What is the Maillard (Browning) Reaction in Food Processing?


The Maillard reaction, also known as browning, is one of the most important chemical reactions for the food industry. With its ability to cause changes in food colour, organoleptic properties, protein functionality and even protein digestibility, the Maillard reaction is responsible for many desired food characteristics.

So what exactly is the Maillard reaction and what is it used for within food processing? 

What is the Maillard reaction?

The Maillard reaction is a form of non-enzymatic browning which occurs between amino acids and reducing sugars when heated. This reaction occurs when foods are cooked at high temperatures over 100ºC, ideally between 110ºC and 170ºC.

Named after the French chemist Louis-Camille Maillard, who first described it in 1912, this reaction leads to the browning of foods and the development of distinctive flavours and aromas.

When food meets high temperatures, the sugars react with the amino acids that make up proteins to then form glycosylamine. This chemical rearranges to form a ketosamine which in turn leads to further reactions, producing hundreds of complex substances. These substances include pyrazines, meaty furans, sweet furanones and melanoidins, and they combine to produce the rich flavour, aroma and appealing brown colour found in many cooked foods. 

Why is the Maillard reaction important in food processing?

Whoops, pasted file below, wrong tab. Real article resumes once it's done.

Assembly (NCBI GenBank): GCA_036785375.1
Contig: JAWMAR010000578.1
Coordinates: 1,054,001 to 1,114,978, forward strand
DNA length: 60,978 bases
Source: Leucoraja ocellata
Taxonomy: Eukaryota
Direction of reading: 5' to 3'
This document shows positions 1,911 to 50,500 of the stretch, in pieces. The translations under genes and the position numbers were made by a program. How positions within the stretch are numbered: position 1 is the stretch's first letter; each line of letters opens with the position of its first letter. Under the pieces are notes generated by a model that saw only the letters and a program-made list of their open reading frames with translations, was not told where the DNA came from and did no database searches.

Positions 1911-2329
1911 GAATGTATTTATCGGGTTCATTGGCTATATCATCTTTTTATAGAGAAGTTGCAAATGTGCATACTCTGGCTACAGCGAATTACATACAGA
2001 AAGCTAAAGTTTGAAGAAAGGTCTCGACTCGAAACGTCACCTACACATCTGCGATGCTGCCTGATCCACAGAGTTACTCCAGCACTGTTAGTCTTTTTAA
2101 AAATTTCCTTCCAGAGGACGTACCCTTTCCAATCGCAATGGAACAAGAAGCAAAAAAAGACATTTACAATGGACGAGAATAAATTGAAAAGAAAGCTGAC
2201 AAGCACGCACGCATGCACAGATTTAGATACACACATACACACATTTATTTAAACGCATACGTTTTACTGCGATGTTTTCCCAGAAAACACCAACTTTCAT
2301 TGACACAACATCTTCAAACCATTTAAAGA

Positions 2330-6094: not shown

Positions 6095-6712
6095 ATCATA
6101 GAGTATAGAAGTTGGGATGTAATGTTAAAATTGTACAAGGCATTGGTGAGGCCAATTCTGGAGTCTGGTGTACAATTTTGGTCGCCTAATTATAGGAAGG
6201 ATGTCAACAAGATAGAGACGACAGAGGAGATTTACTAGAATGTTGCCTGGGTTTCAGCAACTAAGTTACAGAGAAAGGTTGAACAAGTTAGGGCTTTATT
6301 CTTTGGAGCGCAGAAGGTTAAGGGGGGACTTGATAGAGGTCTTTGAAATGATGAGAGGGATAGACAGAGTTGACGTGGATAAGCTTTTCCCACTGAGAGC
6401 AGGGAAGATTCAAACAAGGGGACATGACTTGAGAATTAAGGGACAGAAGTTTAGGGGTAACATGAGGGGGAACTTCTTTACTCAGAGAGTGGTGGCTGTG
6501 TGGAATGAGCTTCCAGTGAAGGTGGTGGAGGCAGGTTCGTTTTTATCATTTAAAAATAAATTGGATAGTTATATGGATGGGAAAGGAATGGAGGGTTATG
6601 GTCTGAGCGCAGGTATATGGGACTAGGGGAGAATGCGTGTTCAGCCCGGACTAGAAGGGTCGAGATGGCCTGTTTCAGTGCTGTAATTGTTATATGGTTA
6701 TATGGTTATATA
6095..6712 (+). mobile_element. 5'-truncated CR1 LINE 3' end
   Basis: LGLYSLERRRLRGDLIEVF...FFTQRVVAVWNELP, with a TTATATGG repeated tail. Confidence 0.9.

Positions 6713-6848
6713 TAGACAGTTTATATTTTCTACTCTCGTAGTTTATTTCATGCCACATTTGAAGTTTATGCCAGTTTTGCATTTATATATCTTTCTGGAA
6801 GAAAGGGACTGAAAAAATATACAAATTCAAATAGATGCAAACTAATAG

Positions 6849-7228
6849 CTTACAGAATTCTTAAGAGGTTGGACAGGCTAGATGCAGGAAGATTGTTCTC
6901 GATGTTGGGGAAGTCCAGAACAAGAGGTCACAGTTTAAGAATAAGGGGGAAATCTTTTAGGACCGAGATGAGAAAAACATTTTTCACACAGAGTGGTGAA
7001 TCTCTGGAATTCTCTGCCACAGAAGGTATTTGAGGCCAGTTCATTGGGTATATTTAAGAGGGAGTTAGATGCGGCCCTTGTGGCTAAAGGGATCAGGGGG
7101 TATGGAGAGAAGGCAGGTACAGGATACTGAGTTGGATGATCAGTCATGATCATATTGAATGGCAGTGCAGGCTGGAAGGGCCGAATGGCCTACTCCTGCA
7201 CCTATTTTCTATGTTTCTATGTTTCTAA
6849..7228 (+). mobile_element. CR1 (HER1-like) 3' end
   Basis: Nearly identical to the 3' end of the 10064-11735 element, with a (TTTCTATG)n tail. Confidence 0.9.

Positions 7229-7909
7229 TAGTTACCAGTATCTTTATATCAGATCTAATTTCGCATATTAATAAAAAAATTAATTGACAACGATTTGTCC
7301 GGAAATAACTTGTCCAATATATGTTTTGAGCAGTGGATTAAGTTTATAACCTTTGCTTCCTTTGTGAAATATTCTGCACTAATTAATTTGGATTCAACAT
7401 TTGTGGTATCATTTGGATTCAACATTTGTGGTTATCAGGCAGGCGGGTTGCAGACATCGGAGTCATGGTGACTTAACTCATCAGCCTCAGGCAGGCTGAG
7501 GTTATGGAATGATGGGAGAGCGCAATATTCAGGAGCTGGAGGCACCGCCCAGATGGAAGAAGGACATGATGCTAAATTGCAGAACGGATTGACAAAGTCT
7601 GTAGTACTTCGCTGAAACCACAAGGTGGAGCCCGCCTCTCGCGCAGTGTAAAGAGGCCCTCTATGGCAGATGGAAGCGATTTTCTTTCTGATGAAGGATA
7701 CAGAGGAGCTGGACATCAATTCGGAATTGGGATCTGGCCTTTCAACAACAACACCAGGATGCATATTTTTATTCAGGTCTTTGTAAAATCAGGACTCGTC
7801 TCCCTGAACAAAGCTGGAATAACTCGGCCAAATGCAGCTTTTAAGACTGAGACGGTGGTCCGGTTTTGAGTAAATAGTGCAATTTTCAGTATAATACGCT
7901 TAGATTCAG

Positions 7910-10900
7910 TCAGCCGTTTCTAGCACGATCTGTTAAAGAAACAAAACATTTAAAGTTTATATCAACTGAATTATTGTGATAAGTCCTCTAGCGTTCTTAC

The Maillard reaction is considered as one of the most important reactions within food chemistry. After all, this reaction is responsible for the colour, flavour, texture and aroma of many popular foods.

From rich roasted flavours to golden-brown colours, the Maillard reaction enhances sensory characteristics and improves palatability. Whether it’s human food processing or pet food processing, this reaction plays a vital role when it comes to customer satisfaction.

Plus, the Maillard reaction can also enhance the nutritional value of certain foods by increasing the availability of essential amino acids and antioxidants. However, it’s important to note that certain allergenic and carcinogenic compounds can also be formed as byproducts. For this reason, great care needs to be taken to perfect the process and reduce the risk of carcinogenic compounds. 

What is the effect of the Maillard reaction and yeast extract combined?

Yeast extract is naturally rich in glutamic acid which provides a rich, savoury umami taste of its own. When yeast is heated, it will provoke a Maillard reaction, producing a variety of roasted, meaty flavours and deep brown colours, just like you might notice in freshly baked bread or grilled meat.

At Ohly, we offer a range of dark yeast extracts, perfect for sauces, processed meat, chocolates or coffees. The deep colour and rich, roasted flavours of these extracts are a direct result of the Maillard reaction.  

Whether it’s to bring out chocolate attributes or to provide meaty notes for plant-based alternative products, the results of the Maillard reaction when involving yeast extract are extremely versatile.  

OHLY® KTD can be used to impart roasted and scorched notes in savoury products or, in chocolate/coffee applications, it can bring out bitter and roasted notes. This extract provides a long-lasting aftertaste, whilst balancing overall flavours.

OHLY® KTDD is darker in both flavour and colour, leading to an even deeper and more intense impact. This extract accentuates roasted and meaty notes whilst providing a deep, dark colour without the use of E-numbers.

To find out more about our high-quality dark yeast extracts, get in touch with our expert team today, or request your free product sample